Trojan Horse, non violent extremism, and schools

This is a cross-post by John Sargeant at Homo Economicus

The post opens with a discussion of Ibrahim Hewitt’s Newsnight interview, covered here yesterday.

… The reason we are even having this discussion thrust into public discourse is because of the Trojan Horse letter suggesting there were ways for Islamists to control schools. Whilst most see the letter as a forgery, or at least not part of an organised conspiracy to infiltrate schools, the government is investigating. A leaked copy of some of the individual school reports today suggests the following:

In the Golden Hillock report, Ofsted said: “Too little is done to keep students safe from the risks associated with extremist views.”

Inspectors concluded leaders and governors were “not doing enough to mitigate against cultural isolation” and this “could leave students vulnerable to the risk of marginalisation from wider British society and the associated risks which could include radicalisation.”

These concerns about schools in Birmingham being targeted will soon be reported officially by the government’s education watchdog OFSTED, though it is thought that six of the schools will be put under special measures by the above leak. Before all this there have been attempts to rubbish the forthcoming reports. For example Assed Baig:

There is extremism is schools, I agree and accept this. Extremism exists in schools were [sic] parents pay tens of thousands a year to have their boys segregated from girls. Where an ideology of superiority is taught, where young rich boys are taught that it is their God given right to rule over the commoners. Where a skewed version of history is taught, colonialism was a good thing and the empire brought good to the world and civilized the savages. In these schools boys are forced to learn Latin, not Arabic. But we won’t see or hear politicians talking of that kind of extremism or segregation, we won’t see journalists peering through windows there, because it is not Muslims involved. Extremism of the rich is applauded, not questioned.

It is like the media reports of the Bullingdon Club, the criticisms of Nadine Dorries Conservative MP of the Conservative Prime Minister and Chancellor of the Exchequer as “arrogant posh boys” with “no passion to want to understand the lives of others” never happened. The deflection just does not work because the media has noticed and criticised the inner Cabinet’s narrow privileged background, and labour have built a campaign strategy around this for the 2015 General Election. We know Nigel Farage of UKIP went to an exclusive public school – the media screamed the negativity of this as a man claiming to challenge the establishment. What has this to do with the concerns of the standard of education children were receiving in these schools?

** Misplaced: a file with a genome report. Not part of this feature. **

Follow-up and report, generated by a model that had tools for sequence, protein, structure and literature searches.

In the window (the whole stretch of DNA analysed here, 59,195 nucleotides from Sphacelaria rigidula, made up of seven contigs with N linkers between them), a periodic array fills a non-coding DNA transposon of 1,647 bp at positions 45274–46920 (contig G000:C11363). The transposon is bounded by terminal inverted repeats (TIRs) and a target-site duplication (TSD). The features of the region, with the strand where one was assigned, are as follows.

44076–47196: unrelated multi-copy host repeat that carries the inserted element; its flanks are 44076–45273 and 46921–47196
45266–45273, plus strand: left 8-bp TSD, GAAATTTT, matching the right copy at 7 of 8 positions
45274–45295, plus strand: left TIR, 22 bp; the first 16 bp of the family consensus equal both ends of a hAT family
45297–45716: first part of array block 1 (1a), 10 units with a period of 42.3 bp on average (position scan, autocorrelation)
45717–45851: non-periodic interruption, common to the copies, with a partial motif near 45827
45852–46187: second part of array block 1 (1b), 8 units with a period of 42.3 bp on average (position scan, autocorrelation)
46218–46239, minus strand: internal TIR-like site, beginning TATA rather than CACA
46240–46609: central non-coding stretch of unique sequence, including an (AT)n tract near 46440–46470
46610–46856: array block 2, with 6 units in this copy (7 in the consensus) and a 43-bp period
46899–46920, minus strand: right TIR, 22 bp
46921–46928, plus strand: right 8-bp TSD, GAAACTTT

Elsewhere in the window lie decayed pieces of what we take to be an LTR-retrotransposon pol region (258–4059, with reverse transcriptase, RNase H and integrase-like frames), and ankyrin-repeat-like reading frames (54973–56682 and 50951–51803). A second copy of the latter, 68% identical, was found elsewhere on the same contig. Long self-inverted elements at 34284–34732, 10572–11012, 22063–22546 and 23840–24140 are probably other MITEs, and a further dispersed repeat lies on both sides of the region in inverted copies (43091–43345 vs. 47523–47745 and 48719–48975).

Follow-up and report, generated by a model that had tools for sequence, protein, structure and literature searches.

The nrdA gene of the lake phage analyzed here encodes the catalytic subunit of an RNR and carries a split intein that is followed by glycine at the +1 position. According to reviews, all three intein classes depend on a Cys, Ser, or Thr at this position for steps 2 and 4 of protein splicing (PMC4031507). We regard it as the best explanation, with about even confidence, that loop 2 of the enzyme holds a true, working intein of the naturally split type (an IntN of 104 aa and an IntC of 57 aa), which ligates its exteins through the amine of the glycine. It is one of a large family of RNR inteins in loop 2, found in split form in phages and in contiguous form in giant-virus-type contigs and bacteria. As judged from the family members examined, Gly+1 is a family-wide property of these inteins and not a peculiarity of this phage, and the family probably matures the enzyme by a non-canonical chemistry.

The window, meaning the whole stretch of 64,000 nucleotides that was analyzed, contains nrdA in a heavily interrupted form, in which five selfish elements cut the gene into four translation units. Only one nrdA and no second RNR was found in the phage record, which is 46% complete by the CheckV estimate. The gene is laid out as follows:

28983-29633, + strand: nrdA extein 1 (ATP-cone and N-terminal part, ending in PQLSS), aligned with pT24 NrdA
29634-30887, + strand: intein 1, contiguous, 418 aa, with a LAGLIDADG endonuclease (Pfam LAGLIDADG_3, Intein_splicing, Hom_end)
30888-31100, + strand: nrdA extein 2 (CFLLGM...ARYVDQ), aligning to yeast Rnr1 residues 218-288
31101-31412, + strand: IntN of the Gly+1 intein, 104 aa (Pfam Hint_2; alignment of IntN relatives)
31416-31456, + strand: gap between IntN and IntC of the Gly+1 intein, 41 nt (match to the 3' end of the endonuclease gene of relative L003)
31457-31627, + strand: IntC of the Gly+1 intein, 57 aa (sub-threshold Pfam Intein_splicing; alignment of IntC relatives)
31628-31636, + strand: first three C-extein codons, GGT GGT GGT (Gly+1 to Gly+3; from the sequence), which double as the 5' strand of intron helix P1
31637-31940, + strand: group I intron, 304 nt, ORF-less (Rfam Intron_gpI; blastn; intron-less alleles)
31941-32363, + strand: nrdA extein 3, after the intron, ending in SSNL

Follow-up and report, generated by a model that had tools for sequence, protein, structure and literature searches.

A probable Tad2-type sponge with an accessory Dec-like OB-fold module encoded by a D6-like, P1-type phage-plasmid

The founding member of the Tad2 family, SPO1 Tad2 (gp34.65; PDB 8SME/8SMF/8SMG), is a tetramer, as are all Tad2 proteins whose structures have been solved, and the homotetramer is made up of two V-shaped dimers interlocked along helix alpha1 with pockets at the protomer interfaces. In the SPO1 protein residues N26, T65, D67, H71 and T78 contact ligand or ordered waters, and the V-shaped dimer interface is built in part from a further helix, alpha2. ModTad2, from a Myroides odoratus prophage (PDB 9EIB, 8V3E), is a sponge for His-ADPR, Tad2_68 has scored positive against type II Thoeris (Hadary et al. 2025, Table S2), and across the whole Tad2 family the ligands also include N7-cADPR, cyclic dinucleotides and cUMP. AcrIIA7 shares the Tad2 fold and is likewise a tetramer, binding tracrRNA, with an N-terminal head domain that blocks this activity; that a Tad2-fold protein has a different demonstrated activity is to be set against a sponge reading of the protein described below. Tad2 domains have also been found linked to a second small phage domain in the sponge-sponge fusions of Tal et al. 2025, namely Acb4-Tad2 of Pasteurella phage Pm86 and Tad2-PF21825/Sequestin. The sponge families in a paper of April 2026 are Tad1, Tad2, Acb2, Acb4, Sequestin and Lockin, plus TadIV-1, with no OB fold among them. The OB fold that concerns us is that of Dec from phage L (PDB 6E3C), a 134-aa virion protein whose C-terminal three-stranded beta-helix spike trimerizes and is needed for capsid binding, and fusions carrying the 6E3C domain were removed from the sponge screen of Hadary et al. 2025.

Mehdi Hasan has also before OFSTED reports tried to undermine what conclusions may be reached by suggesting the education secretary Michael Gove’s “black and white” approach will encourage extremism:

Thus, the activities, habits and practises of British Muslims – from dress codes to dietary requirements, from Sunday schools to seating arrangements at university – continue to be viewed almost exclusively through the lens of security and counter-extremism. This Gove-backed approach, Blunt reminded listeners of the Today programme, is both “impractical and counter-productive” because it encourages a dangerous, black-and-white view of the world and further alienates those young British Muslims who feel disillusioned or demonised.

“You would find that people who are in the shades of grey are then driven into being black because they are invited to choose between black and white.”

Yes, by this logic, ensuring that children are taught music and dance might well push them to become suicide bombers in the future to rebel against the decadence of a former colonial power that made them jig as kids. In class, an exploration of capital punishment as going against human rights might force them to protect the importance of marriage by insisting on the stoning of adulterers. Because what Hasan is saying is you are provoking disillusioned demonised young Muslims to the edge of reason to defend their faith. Never mind that the schools currently are doing this if the leak is correct.

We are not going to tackle extremism or people being attracted to Islamism by burying our heads in the sand or believe that we should let sleeping non violent extremists lie undisturbed in case they become violently militant. Neither is this going to be helped by treating every Muslim as a security threat or less equal as a citizen. I was delighted that TellMAMA (a charity that looks at anti-Muslim hatred) recently advocated ending religious segregation in the British education system as a means to reduce fear and hatred and also to promote a cohesive society.

It is the ultimate way by which a school like Al-Aqsa when stating (my emphasis) “The national curriculum is, with minor adjustments, taught at Al-Aqsa within an Islamic framework and perspective” no longer need cause concern about a kids education as all children from different religious, social and economic backgrounds can learn, play, and dance together.

Without any religious agenda being foisted on them by anyone at school.